So you've looked over the previous articles and decided a rat is right for you? Congratulations! Before you run out and adopt your new best friend, however, you need to make sure that you are bringing your rat(s) home to living quarters that are all set up and waiting for them. Having a nice environment to move right into can lessen the stress that your Rattus Norwegicus is already feeling at leaving her first home, maybe even leaving her litter-mates for the first time, and being surrounded with unfamiliar sights, sounds and smells. Having a roomy cage with a nesting box, a hiding place, the same high-quality food she has been eating at her previous home, a new water bottle and nice fresh bedding (also whatever kind of bedding she has been used to) will give her a pleasant area to retreat to. Give her a day or two to get settled after her arrival and don’t hand her (or allow other to handle her) during her adjustment to her new quarters.
The cage will need to be cleaned and the bedding changed at least once weekly, with little touch-ups in between as needed. Your rattie needs fresh water and food at least every other day, and once settled in, will need out-of-cage time in a rat-proof area for at least an hour a day. Rats are notorious chewers, thus the rat-proofing.
Unless you are adopting a new rat as a companion for a rat you already have, you may wish to adopt a pair of rats to keep each other company while you are at work or sleeping (more about rat buddies later).
Your rat’s cage – and its location – is one of the most important aspects of the quality of life of your rat. Many of the cages marketed for rats are way too small – rats need room to explore their environment and get some exercise (this is in addition to their daily out-of-cage time). Rats are third in intelligence after dogs and pigs, and will become bored and then depressed if they do not have adequate space to exercise and play. Imagine spending most of your life in solitary confinement in your bathroom. Get the idea? A bigger cage (and a rattie playmate) will solve that problem and provide your pet with a happy life. Rats are social animals and do best if they live in the company of other rats. Get the larger cage and a 2nd rat.
A larger cage gives the rat plenty of room to establish their potty area away from the areas where they eat and play (refer to the previous paragraph about solitary confinement in the bathroom).
Once you have the right cage and the necessary toys and other accessories, you need to find the best location in your house for your rat to live. Your rat’s cage needs to be away from heat sources such as direct sunlight, fireplaces, heating vents, space heaters and fireplaces. Rats are susceptible to heat stroke, as they are unable to sweat. On the other hand, they cannot tolerate an unheated room, garage or other chilly locations, and they need to be out of drafts (away from doors and open windows and not on the floor). Pet rats are domesticated rats (Rattus Norwegicus) and NOT wild street or wharf rats (Rattus Rattus). Another reason to keep the cages off of the floor is to keep him away from other pets who may seem him as their prey. Rats are more stressed when at floor level, an elevated area will increase his sense of security and give him a good view (they like to see what is going on!). Small children should NOT have access to the rat unsupervised (or possibly at all – see previous article) and a cage on the floor around small children is just too tempting.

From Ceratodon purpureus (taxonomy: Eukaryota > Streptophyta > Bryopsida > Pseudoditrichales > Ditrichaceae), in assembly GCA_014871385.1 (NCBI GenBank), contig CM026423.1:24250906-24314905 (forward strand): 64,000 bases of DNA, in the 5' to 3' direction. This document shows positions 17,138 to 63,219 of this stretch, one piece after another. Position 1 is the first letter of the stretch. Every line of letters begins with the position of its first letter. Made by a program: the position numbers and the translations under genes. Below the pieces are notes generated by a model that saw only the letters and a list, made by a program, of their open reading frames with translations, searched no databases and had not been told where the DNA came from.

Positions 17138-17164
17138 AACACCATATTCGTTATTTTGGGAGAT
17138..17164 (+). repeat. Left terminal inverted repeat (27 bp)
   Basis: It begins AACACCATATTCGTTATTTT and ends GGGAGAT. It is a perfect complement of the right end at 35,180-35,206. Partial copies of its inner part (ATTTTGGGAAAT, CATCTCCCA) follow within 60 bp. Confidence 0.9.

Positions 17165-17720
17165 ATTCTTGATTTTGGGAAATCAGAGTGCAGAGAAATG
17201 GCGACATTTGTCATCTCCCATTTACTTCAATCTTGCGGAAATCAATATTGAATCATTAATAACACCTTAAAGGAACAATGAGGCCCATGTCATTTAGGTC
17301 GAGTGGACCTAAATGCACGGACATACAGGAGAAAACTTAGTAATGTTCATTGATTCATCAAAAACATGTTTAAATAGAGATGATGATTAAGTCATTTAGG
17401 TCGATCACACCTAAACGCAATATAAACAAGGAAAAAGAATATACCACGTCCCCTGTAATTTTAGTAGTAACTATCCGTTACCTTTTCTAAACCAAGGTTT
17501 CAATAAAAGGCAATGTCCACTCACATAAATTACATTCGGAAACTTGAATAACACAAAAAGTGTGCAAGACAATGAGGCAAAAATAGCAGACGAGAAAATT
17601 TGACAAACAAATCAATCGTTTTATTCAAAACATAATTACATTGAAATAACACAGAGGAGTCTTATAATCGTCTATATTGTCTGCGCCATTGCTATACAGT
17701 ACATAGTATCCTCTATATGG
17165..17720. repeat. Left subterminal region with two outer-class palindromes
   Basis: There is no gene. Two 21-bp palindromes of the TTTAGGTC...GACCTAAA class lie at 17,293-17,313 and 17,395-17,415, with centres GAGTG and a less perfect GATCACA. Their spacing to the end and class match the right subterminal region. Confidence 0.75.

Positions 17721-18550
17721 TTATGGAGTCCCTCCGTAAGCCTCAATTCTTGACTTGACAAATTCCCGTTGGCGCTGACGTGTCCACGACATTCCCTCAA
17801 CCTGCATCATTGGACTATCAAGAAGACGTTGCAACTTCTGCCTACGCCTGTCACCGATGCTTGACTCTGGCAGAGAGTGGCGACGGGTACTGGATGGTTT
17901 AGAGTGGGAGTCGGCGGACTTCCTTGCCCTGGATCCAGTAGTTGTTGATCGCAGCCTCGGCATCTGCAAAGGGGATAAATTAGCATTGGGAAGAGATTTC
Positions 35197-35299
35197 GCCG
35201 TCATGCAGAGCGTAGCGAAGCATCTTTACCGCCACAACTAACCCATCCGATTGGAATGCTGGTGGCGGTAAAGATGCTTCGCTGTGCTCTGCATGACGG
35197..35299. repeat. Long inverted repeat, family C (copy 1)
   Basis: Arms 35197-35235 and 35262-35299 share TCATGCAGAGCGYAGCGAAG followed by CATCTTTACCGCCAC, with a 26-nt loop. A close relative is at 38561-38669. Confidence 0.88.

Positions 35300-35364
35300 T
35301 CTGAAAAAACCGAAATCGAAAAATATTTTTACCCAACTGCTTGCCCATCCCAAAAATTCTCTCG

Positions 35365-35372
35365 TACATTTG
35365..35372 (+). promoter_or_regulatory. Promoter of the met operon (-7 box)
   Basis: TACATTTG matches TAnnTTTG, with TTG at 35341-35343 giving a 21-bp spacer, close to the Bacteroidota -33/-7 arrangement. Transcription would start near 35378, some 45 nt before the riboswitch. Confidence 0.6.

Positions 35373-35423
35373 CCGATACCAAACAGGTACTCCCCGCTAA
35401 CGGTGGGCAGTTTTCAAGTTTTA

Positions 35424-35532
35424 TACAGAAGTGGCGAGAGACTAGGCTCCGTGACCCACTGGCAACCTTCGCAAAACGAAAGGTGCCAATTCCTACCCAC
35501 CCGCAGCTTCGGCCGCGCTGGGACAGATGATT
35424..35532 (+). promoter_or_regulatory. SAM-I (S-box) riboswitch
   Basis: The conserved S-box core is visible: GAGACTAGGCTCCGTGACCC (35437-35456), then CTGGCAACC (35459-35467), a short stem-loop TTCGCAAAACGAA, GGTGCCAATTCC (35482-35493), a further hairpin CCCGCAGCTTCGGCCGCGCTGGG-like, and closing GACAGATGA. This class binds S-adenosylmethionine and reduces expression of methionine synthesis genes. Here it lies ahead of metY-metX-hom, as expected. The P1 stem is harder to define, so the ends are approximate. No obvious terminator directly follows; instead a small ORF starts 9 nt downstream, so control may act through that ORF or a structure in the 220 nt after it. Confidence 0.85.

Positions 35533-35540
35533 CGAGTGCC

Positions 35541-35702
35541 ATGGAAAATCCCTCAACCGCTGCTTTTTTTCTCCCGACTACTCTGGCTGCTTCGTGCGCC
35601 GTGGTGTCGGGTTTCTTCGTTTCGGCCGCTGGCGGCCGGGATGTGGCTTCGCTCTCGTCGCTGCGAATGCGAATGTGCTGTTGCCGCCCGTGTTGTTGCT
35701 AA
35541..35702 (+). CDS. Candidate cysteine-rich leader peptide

Pet rats very much enjoy being near your family’s activity and will get more attention if they are in a family room or living room (although they all need a hiding box to retreat to when they want some privacy). Keep in mind that rats evolved as nocturnal creatures and their eyes are sensitive to bright lights (the albino rats are especially sensitive) and they should not be kept in brightly lit areas. Exposure to enough bright light can damage their eyesight.
Rat buddies: rats are social animals who adore the company of other rats; however, you must properly introduce two rats who do not know each other. The new rat should be housed separately in a separate room of the house for at least two weeks (three is better) after you bring her home to prevent the possible spread of any disease. She must not be allowed to interact with your resident rat during this three week period. Make sure the new rat is eating and drinking normally and seems alert, active and healthy. Once the veterinarian has given your new rat a clean bill of health, you can begin gradual introductions. Introductions do need to be gradual, as introducing them too quickly can lead to fighting and rejection. Begin with the rats in the same room but on separate sides of the room, to get used to each other’s scent. After several days, you can move the cages close enough that the ratties can see each other. A few more days of this and you can begin with brief, supervised visits, gradually lengthening the visiting times as the rats get used to each other.
Next: rodent cuisine, or ‘What do I feed my rat?’
Tubs and Crockett - aka 'The Fat Boys' - are two very handsome rats, adoptable from Rattie Tattie Rescue in Cincinnati, Ohio. Rattie Rattie has foster homes in Dayton, Cincinnati and Northern Kentucky, and plenty of adoptable rats! You can see their adoptable pets here and learn more about Rattie Tattie Rescue here.
To receive email notifications when my new articles post to the Dayton Small Pets Examiner page, please use the "Subscribe to Email" link (under the headline, above), or follow me on Twitter to receive notification of all of my articles. If you have questions, comments or suggestions please email me at firstname.lastname@example.org for the timeliest response.